Nowadays, it is fashionable to belittle the results achieved, or even to deny them altogether. Yet the slightest consideration of the facts leads us to a very different conclusion. Despite all the problems, deficiencies and crimes (with which, incidentally, the history of capitalism furnishes us in great abundance), the most astonishing advances were achieved by the nationalised planned economy in the Soviet Union in what was, historically speaking, a remarkably short space of time. This is what provoked the fear and loathing which characterised the attitude of the ruling classes of the West. This is what compels them even now to indulge in the most shameless and unprecedented lies and calumnies (of course, always under the guise of the most exquisite ‘academic objectivity’) about the past.
The bourgeois have to bury once and for all the ideals of the October Revolution. Consequently, the collapse of the USSR was the signal for an avalanche of propaganda against the achievements of the planned economies of Russia and Eastern Europe. This ideological offensive by the strategists of Capital against ‘communism’ was a calculated attempt to deny the historical conquests that issued from the Revolution. For these ladies and gentlemen, the Russian Revolution was a historical aberration. For them, there can only possibly be one form of society. Capitalism in their eyes had always existed and would continue to do so. Therefore, there could never be any talk of gains from the nationalised planned economy. The Soviet statistics are said to be merely exaggerations or falsehoods.
‘Figures can’t lie, but liars can figure.’ All the colossal advances in literacy, health and social provision, were hidden by a Niagara of lies and distortions aimed at obliterating the genuine achievements of the past. All the shortcomings of Soviet life – and there were many – have been systematically blown up out of all proportion and used to ‘prove’ there is no alternative to capitalism. Rather than advance, there was decline, they now say. Rather than progress, there was regression. “It has been claimed that the USSR in the eighties was as far behind the United States as was the Russian Empire in 1913,” writes economic historian, Alec Nove, who concludes that “statistical revisions have had a political role in de-legitimising the Soviet regime…” (Alec Nove, An Economic History of the USSR, p. 438)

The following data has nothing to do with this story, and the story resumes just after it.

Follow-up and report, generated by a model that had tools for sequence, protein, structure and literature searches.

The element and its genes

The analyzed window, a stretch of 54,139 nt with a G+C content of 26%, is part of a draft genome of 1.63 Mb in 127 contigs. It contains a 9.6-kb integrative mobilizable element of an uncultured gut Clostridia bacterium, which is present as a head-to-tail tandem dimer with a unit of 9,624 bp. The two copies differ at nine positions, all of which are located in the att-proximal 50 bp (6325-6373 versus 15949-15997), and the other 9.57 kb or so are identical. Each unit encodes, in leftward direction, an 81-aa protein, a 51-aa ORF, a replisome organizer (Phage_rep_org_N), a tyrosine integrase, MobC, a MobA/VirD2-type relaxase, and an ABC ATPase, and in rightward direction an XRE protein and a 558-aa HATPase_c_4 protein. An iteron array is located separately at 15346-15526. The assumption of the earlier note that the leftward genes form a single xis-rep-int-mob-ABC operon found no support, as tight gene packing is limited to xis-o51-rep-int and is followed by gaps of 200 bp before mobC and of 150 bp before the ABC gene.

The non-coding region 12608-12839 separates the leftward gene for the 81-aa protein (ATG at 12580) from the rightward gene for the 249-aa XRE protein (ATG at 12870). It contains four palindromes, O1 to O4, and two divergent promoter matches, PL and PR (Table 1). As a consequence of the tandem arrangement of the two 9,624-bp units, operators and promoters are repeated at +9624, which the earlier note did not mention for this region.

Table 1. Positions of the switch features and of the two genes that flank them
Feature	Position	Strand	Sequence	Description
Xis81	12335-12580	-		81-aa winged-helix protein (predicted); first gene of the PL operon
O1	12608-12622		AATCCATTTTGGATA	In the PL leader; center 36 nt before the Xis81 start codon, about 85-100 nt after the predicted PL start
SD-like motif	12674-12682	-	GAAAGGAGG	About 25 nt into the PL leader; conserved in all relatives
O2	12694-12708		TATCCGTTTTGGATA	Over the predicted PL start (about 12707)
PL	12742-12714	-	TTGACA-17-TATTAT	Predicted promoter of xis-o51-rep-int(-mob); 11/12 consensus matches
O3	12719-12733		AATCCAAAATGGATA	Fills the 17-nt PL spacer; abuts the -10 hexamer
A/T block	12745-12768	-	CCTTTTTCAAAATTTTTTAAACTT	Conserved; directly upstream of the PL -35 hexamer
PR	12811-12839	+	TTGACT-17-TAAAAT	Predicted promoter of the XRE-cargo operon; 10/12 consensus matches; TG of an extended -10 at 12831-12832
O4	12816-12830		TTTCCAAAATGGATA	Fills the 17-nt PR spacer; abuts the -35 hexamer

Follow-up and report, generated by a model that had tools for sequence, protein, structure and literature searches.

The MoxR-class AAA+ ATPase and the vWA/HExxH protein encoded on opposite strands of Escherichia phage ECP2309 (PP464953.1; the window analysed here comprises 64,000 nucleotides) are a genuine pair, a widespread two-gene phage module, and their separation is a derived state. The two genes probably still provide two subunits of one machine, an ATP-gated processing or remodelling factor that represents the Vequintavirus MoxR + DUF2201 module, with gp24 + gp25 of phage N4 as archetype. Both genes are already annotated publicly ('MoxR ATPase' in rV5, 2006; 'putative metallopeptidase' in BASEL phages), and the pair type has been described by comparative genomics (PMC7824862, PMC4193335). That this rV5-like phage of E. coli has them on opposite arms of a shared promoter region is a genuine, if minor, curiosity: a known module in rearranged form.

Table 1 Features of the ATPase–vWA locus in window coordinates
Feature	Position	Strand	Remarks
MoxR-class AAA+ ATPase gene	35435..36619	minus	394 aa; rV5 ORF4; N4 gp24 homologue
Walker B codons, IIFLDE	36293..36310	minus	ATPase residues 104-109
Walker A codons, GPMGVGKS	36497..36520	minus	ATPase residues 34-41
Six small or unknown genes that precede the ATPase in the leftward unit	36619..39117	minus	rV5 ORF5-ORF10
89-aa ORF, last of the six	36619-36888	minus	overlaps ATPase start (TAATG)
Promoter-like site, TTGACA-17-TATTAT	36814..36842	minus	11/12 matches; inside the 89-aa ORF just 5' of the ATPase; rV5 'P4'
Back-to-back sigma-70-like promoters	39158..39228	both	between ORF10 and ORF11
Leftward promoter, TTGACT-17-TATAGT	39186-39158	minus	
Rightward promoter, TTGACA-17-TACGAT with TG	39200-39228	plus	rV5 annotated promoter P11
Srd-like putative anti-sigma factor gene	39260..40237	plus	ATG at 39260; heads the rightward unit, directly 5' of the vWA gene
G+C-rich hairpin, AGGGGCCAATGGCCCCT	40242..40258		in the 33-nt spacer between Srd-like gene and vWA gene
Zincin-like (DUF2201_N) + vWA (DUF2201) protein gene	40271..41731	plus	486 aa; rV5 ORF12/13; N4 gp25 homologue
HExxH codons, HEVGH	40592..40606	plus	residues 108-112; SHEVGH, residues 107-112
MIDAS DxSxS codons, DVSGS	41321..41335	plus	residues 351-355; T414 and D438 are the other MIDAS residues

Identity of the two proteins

Against this unprecedented campaign of lies and slander, it is essential that we put the record straight. We do not wish to overburden the reader with statistics. However, it is necessary to demonstrate beyond any doubt the tremendous successes of the planned economy. Despite the monstrous crimes of the bureaucracy, the unprecedented advances of the Soviet Union represent not only a historic achievement, but are, above all, a glimpse of the enormous possibilities inherent in a nationalised planned economy, especially if it were run on democratic lines. They stand out in complete contrast to the crisis of the productive forces of capitalism on a world scale today.
The October Revolution of 1917 brought about the greatest advance of the productive forces of any country in history. Before the Revolution, tsarist Russia was an extremely backward, semi-feudal economy with a predominantly illiterate population. Out of a total population of 150 million people there were only approximately four million industrial workers. That means it was far more backward than Pakistan at the present time.
Under frightful conditions of economic, social and cultural backwardness, the regime of workers’ democracy established by Lenin and Trotsky began the titanic task of dragging Russia out of backwardness on the basis of a nationalised planned economy. The results have no precedent in economic history. Within the space of two decades Russia had established a powerful industrial base, developed industry, science and technology and abolished illiteracy. It achieved remarkable advances in the fields of health, culture and education. This was at a time when the Western world was in the grip of mass unemployment and economic collapse in the Great Depression.
The viability of the new productive system was put to a severe test in 1941-45, when the Soviet Union was invaded by Nazi Germany with all the combined resources of Europe at its disposal. Despite the loss of 27 million lives, the USSR succeeded in defeating Hitler, and went on, after 1945, to reconstruct its shattered economy in a remarkably short space of time, transforming itself into the world’s second power.
Such astonishing advances in a country must give us pause for thought. One can sympathise with the ideals of the Bolshevik Revolution, or oppose them, but such a remarkable transformation in such a short space of time demands the attention of thinking people everywhere.
In a period of 50 years, the USSR increased its gross domestic product nine times over. Despite the terrible destruction of the Second World War, it increased its GDP five times over from 1945 to 1979. In 1950, the GDP of the USSR was only 33 per cent that of the USA. By 1979, it was already 58 per cent. By the late 1970s, the Soviet Union was a formidable industrial power, which in absolute terms had already overtaken the rest of the world in a whole series of key sectors. The USSR was the world’s second biggest industrial producer after the USA and was the biggest producer of oil, steel, cement, tractors, and many machine tools.